Keep the Faith

December 30, 2018

Many have the tendency to be complacent when things are going their way. They feel good about what they have accomplished. Meanwhile, they lower their guard and take an easygoing approach. Certainly, this is a precarious attitude that must be quickly checked. The apostle John admonished believers saying, “Watch out that you do not lose what you have worked for, but that you may be rewarded fully” (2 John 1:8). Up until the full reward is received, there is a need to press on. Many are suffering today because they were complacent. They did not persevere enough to get their full reward.

But what can cause us to be complacent in our walk with the Lord? When we live off our past successes, we tend to forget that there are still battles ahead that we have to win. We assume that just as God was good to us in the past, he will be the same in the future. But the Lord said through the prophet Zephaniah, “At that time I will search Jerusalem with lamps and punish those who are complacent, who are like wine left on its dregs, who think, ‘The LORD will do nothing, either good or bad’” (Zeph. 1:12). Because we do not know what the future holds for us, we need to be vigilant always.

The ultimate cause of complacency is pride. When we reach the level of self-satisfaction, we tend to live on it. We no longer persevere as we used to. We tend to depend on God less, believing that we did most of the work. Looking back, we wrongly claim that it was because of our strategies and connections that we succeeded, and not because of our prayers and dependence on God. The truth of the matter, however, is that it was God who worked everything together for our good. Therefore, the apostle Paul warned, “So, if you think you are standing firm, be careful that you don’t fall!” (1 Cor. 10:12).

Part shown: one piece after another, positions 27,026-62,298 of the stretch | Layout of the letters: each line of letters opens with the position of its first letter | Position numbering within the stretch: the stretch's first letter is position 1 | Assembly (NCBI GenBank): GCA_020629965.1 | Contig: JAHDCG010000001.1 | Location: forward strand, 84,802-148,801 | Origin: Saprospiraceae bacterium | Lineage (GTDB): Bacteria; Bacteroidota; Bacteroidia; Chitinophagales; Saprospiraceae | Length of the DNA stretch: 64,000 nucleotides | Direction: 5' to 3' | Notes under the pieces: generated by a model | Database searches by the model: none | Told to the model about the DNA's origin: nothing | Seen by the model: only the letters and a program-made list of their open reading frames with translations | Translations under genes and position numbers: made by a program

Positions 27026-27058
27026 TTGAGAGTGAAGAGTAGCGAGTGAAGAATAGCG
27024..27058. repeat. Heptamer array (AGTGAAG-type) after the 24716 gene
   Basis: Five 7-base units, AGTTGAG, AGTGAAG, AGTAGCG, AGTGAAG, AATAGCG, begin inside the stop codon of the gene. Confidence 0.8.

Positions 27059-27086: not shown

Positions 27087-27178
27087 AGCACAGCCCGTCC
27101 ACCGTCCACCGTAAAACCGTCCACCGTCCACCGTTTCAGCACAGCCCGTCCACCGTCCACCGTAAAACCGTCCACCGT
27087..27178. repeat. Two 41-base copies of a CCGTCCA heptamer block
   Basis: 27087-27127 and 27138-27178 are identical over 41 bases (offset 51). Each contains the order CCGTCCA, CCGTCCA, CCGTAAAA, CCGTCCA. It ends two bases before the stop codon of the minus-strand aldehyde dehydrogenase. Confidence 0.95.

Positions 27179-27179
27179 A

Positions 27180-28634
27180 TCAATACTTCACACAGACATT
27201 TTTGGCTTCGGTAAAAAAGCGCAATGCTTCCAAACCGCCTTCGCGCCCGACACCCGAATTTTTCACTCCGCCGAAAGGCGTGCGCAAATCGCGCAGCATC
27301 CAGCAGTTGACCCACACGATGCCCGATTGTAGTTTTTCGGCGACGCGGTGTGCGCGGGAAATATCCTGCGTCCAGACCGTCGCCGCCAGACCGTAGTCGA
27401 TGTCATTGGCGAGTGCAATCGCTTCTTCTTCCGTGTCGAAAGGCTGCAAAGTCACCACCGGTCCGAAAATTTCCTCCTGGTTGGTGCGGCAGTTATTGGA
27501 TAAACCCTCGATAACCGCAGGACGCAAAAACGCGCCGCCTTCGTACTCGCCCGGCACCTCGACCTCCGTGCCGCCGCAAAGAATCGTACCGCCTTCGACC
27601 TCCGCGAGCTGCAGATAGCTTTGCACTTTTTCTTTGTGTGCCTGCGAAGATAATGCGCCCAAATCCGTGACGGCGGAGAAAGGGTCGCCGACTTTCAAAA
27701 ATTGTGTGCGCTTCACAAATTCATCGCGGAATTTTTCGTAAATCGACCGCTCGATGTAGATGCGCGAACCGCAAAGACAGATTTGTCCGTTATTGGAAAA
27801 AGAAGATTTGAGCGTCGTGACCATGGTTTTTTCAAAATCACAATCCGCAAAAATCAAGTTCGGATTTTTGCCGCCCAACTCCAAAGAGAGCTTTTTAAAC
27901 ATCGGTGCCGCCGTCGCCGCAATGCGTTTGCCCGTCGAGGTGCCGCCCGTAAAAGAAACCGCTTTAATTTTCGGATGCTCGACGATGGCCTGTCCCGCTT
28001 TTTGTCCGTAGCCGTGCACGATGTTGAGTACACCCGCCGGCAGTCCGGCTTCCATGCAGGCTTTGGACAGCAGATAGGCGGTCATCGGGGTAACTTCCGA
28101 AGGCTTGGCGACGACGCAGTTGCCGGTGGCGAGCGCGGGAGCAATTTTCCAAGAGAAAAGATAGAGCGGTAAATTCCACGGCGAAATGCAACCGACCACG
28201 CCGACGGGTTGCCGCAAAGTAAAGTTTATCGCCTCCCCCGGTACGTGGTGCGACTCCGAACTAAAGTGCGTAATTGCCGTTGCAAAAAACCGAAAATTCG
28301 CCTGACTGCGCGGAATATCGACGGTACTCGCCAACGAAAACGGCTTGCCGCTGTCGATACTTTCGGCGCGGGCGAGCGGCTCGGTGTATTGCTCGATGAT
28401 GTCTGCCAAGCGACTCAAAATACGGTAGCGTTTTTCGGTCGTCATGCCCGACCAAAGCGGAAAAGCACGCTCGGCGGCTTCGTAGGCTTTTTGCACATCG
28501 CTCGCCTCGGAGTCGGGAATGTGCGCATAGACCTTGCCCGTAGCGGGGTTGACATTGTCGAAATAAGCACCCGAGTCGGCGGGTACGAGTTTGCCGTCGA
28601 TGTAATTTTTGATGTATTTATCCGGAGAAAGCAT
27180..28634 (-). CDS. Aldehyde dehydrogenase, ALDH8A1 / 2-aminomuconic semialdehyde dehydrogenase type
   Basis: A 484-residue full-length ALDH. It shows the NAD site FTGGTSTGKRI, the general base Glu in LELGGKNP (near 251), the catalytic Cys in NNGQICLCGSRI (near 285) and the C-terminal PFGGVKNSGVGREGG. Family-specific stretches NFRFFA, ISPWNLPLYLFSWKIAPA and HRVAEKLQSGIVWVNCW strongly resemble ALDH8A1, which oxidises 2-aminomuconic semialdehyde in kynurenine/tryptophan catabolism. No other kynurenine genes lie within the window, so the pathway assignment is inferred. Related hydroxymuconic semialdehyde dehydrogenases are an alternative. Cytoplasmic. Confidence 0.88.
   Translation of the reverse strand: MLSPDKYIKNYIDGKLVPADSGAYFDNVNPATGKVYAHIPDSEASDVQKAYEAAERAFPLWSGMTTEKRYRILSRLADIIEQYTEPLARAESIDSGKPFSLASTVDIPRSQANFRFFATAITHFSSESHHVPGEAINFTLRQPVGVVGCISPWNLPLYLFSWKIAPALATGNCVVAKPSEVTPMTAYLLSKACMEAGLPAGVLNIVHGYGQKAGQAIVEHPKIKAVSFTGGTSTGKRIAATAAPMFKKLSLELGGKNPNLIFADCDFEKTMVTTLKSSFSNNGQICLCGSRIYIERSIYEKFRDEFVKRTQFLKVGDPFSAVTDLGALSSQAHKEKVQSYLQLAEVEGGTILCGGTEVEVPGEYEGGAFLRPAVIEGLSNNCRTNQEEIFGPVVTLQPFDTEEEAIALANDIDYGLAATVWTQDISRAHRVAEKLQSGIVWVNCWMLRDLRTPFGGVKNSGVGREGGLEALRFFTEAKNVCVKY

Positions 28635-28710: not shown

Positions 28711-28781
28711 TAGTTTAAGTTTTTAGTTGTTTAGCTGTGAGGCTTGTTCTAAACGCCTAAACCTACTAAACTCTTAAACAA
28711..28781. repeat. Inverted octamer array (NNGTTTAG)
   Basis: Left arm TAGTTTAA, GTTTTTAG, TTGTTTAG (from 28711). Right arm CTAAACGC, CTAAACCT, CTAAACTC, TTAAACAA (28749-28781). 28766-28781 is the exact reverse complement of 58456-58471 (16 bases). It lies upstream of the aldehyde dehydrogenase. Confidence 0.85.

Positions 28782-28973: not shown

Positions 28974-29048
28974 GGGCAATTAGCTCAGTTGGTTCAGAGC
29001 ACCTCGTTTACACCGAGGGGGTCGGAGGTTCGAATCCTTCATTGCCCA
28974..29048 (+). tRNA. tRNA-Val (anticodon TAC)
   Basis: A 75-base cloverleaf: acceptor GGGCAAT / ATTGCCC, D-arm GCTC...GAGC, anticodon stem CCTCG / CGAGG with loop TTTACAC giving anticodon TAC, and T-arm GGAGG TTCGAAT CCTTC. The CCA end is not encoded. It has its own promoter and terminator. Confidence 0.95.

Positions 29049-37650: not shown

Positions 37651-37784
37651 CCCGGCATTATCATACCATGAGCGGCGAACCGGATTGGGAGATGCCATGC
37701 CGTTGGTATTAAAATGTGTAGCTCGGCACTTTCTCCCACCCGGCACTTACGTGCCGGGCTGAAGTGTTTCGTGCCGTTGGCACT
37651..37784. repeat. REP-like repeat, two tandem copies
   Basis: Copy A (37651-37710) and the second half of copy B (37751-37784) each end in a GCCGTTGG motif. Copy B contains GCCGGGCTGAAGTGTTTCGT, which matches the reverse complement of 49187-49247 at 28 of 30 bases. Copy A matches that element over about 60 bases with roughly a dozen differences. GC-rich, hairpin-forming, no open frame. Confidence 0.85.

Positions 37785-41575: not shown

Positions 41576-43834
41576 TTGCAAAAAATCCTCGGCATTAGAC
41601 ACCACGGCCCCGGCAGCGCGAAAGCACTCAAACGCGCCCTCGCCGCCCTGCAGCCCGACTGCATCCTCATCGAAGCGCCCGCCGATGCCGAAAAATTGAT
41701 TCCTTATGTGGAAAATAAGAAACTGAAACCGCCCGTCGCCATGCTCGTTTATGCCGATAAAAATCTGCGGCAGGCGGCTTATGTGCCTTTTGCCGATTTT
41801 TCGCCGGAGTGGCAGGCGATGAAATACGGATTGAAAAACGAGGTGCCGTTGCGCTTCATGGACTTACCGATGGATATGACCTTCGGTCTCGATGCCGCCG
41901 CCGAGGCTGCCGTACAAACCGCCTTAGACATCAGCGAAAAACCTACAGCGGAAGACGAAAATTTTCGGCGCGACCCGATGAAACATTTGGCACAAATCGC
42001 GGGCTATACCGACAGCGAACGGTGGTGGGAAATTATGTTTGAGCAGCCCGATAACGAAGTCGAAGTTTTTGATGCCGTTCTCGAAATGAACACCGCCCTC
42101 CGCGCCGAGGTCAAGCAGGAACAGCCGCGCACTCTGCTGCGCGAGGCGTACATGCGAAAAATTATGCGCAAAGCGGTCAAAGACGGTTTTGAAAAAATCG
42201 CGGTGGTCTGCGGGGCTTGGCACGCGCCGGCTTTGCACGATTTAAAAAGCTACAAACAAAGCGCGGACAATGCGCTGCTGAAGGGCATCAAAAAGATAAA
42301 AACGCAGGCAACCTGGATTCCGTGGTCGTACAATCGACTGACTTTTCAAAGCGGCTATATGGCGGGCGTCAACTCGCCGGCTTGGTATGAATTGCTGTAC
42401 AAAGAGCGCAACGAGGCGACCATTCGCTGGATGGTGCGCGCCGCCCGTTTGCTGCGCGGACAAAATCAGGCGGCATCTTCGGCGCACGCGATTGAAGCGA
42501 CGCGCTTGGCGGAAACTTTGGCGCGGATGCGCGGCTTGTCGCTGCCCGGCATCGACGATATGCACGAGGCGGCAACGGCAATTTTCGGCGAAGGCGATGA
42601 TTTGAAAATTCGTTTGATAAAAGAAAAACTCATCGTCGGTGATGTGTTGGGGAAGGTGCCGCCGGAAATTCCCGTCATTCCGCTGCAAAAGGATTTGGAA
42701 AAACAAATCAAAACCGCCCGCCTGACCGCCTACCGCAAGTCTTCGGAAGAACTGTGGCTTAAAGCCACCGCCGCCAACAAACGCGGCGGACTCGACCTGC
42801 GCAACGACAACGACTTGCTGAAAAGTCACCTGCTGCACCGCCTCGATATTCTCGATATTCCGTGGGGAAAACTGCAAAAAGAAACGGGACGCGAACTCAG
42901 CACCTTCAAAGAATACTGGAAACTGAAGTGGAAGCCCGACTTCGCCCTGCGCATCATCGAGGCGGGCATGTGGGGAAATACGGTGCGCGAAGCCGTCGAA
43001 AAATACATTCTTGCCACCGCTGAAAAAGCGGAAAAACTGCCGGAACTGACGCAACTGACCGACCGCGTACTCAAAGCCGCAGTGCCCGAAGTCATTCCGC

What then should our attitude be when we run the race of this life? Acknowledging the myriad of challenges that we face in life, Jesus said, “But he who stands firm to the end will be saved” (Matt. 24:13). Even from the beginning, we should set our heart and mind to finish our race. We should not settle for anything less, lest we miss out. We need to consider the winning attitude of the apostle Paul. He revealed these attitudes when reflecting on his spiritual journey, saying, “I have fought the good fight, I have finished the race, I have kept the faith” (2 Tim. 4:7). We certainly can learn much from Paul’s winning attitudes.

The first winning attitude is diligence (“I have fought a good fight”). For us to be able to fight the good fight, we must “work at it with all our heart, as working for the Lord, not for men” (Col. 3:23). This requires that we do not fight by our might nor by our power, but we must fully depend on God knowing that “our struggle is not against flesh and blood, but against the rulers, against the authorities, against the powers of this dark world and against the spiritual forces of evil in the heavenly realms” (Eph. 6:12). What make our fight effective as we pursue it diligently is that “the weapons we fight with are not the weapons of the world. On the contrary, they have divine power to demolish strongholds” (2 Cor. 10:4).

The second willing attitude is persistence (“I have finished the race”). Regardless of the challenges that will come, we need to “press on toward the goal to win the prize for which God has called me heavenward in Christ Jesus” (Phil. 3:14). It is so tempting to throw in the towel when persecution comes, but if we focus our eyes on the Lord and not on our circumstances, the goal is within our grasp. Therefore, “Let us not become weary in doing good, for at the proper time we will reap a harvest if we do not give up” (Gal. 6:9).

The third winning attitude is endurance (“I have kept the faith”). It is only if we endure that we will reach our goal, the salvation of our soul. Again, the Lord Jesus himself said, “But he who stands firm to the end will be saved” (Matt. 24:13). These words were not only given by the Lord to encourage the disciples to endure, but that he himself endured until the end.  Therefore, “Let us fix our eyes on Jesus, the author and perfecter of our faith, who for the joy set before him endured the cross, scorning its shame, and sat down at the right hand of the throne of God” (Heb. 12:2).

As we run our race, let us keep these winning attitudes in mind. Let us “run in such a way as to get the prize” (1 Cor. 9:24). Just like the apostle Paul, may we confidently say, “I have fought the good fight, I have finished the race, I have kept the faith.” Hallelujah!